The platform is now available in “most major cities” with “hundreds of employer customers,” said Karnani, who declined to share his company’s revenue figures. His local customers include Brooklyn Roasting Co., One Girl Cookies and healthcare.com.

Lessons learned

But that B-to-B approach can mean slower growth for some tech-for-good startups, a lesson the founders of six-year-old Kinvolved learned the hard way. Alexandra Meis, previously a program manager at a hospital in the South Bronx, where she worked with parents of children with special needs, and Miriam Altman, a former high school teacher, met as students at NYU’s Robert F. Wagner Graduate School of Public Service.

After completing their degrees, the two women resolved to form a company that could improve communication between parents and schools as well as reduce absenteeism. Their five-employee startup offers an app to help teachers communicate with parents about students missing days and other problems. Realizing that the human touch is as important as the technology, the company has introduced in-person coaching for teachers and a summit with workshops for parents and educators.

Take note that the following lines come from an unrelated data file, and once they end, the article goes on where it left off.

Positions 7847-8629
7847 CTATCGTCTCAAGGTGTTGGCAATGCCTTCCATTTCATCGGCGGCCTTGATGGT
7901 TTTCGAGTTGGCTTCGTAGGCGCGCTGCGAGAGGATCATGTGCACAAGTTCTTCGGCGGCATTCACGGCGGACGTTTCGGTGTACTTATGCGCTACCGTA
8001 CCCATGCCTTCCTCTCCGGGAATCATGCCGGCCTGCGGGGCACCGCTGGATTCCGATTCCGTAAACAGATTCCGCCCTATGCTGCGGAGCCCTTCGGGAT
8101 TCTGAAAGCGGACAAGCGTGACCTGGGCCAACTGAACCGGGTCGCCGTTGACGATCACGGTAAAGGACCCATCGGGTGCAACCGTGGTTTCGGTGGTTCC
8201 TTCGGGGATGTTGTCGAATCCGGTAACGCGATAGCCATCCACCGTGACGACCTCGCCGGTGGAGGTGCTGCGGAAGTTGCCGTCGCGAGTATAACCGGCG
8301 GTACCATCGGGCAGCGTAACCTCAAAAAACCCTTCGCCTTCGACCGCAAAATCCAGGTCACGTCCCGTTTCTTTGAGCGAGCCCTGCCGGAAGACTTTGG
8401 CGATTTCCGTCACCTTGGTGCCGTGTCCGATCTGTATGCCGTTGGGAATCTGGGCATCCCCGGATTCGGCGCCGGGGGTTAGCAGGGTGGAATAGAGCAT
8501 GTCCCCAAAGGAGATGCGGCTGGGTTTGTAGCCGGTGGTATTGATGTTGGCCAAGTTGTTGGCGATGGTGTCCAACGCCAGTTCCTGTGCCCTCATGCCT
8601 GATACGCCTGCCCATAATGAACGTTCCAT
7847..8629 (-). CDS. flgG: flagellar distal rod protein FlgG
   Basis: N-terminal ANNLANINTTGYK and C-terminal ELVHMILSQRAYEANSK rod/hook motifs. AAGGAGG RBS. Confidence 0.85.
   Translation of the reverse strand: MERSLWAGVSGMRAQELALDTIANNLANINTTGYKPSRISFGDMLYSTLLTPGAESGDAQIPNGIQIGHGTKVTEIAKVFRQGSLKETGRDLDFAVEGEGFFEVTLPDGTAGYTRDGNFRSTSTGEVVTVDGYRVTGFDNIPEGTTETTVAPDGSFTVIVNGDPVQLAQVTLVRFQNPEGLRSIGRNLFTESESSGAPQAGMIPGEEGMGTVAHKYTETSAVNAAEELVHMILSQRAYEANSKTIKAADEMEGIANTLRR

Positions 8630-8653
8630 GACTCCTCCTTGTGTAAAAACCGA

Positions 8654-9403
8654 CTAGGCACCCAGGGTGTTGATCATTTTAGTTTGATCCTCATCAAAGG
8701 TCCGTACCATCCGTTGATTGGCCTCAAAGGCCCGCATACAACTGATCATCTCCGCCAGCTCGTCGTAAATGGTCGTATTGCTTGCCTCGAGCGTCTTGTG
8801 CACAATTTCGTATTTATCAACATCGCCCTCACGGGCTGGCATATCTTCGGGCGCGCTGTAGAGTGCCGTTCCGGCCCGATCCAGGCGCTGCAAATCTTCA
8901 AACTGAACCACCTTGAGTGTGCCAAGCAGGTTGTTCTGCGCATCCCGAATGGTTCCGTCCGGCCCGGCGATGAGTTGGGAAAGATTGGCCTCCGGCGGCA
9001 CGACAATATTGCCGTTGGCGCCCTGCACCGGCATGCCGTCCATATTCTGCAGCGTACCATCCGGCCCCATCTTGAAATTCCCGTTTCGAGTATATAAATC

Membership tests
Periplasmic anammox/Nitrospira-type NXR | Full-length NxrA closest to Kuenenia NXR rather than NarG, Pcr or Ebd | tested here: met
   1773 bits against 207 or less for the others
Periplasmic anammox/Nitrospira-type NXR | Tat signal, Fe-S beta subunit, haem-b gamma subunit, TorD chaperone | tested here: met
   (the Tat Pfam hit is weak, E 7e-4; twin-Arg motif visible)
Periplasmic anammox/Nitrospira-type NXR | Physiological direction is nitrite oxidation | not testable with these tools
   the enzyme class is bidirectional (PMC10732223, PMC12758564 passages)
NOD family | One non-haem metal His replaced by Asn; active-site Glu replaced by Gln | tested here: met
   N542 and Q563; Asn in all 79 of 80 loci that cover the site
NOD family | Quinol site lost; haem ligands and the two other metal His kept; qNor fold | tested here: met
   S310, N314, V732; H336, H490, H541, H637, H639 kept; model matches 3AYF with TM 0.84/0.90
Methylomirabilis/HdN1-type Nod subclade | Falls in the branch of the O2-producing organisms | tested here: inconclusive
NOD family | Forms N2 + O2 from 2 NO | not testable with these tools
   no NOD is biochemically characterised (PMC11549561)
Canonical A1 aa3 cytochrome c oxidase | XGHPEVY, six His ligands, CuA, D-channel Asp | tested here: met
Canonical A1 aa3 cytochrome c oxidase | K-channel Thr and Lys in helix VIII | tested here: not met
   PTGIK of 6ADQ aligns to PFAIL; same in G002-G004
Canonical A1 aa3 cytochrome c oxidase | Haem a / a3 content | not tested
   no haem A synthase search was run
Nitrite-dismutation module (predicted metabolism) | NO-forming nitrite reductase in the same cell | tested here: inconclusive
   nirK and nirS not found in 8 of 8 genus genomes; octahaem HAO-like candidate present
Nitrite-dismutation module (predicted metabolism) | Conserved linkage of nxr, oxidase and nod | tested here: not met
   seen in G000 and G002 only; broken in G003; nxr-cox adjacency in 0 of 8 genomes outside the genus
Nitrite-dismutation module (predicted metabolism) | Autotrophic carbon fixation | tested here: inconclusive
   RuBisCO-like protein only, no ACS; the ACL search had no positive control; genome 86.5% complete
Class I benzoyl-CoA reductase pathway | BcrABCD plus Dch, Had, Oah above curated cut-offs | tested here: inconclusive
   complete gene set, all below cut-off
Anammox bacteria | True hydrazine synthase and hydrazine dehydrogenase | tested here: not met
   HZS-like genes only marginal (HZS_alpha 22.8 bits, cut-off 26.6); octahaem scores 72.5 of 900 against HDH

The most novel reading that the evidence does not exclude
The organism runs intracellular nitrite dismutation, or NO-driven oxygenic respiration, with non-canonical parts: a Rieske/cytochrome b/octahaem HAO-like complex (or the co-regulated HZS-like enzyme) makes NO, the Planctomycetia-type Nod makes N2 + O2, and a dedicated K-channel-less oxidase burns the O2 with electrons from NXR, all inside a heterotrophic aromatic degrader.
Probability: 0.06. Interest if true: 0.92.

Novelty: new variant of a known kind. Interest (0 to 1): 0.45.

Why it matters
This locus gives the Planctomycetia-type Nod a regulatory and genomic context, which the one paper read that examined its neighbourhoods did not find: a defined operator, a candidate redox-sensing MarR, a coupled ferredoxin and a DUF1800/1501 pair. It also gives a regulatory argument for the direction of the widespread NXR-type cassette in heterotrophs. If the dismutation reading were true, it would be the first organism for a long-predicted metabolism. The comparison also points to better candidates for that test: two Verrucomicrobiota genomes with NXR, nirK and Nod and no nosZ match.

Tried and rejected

“Tech alone is not going to solve our country’s deepest-rooted issues,” Meis said.

The co-founders initially decided against selling the app directly to teachers, even though they thought that would have been a quick method for acquiring new customers. Instead, they figured the best way to ensure the platform’s place as a permanent fixture was to sell the app directly to schools and districts, charging them a licensing fee to use the software.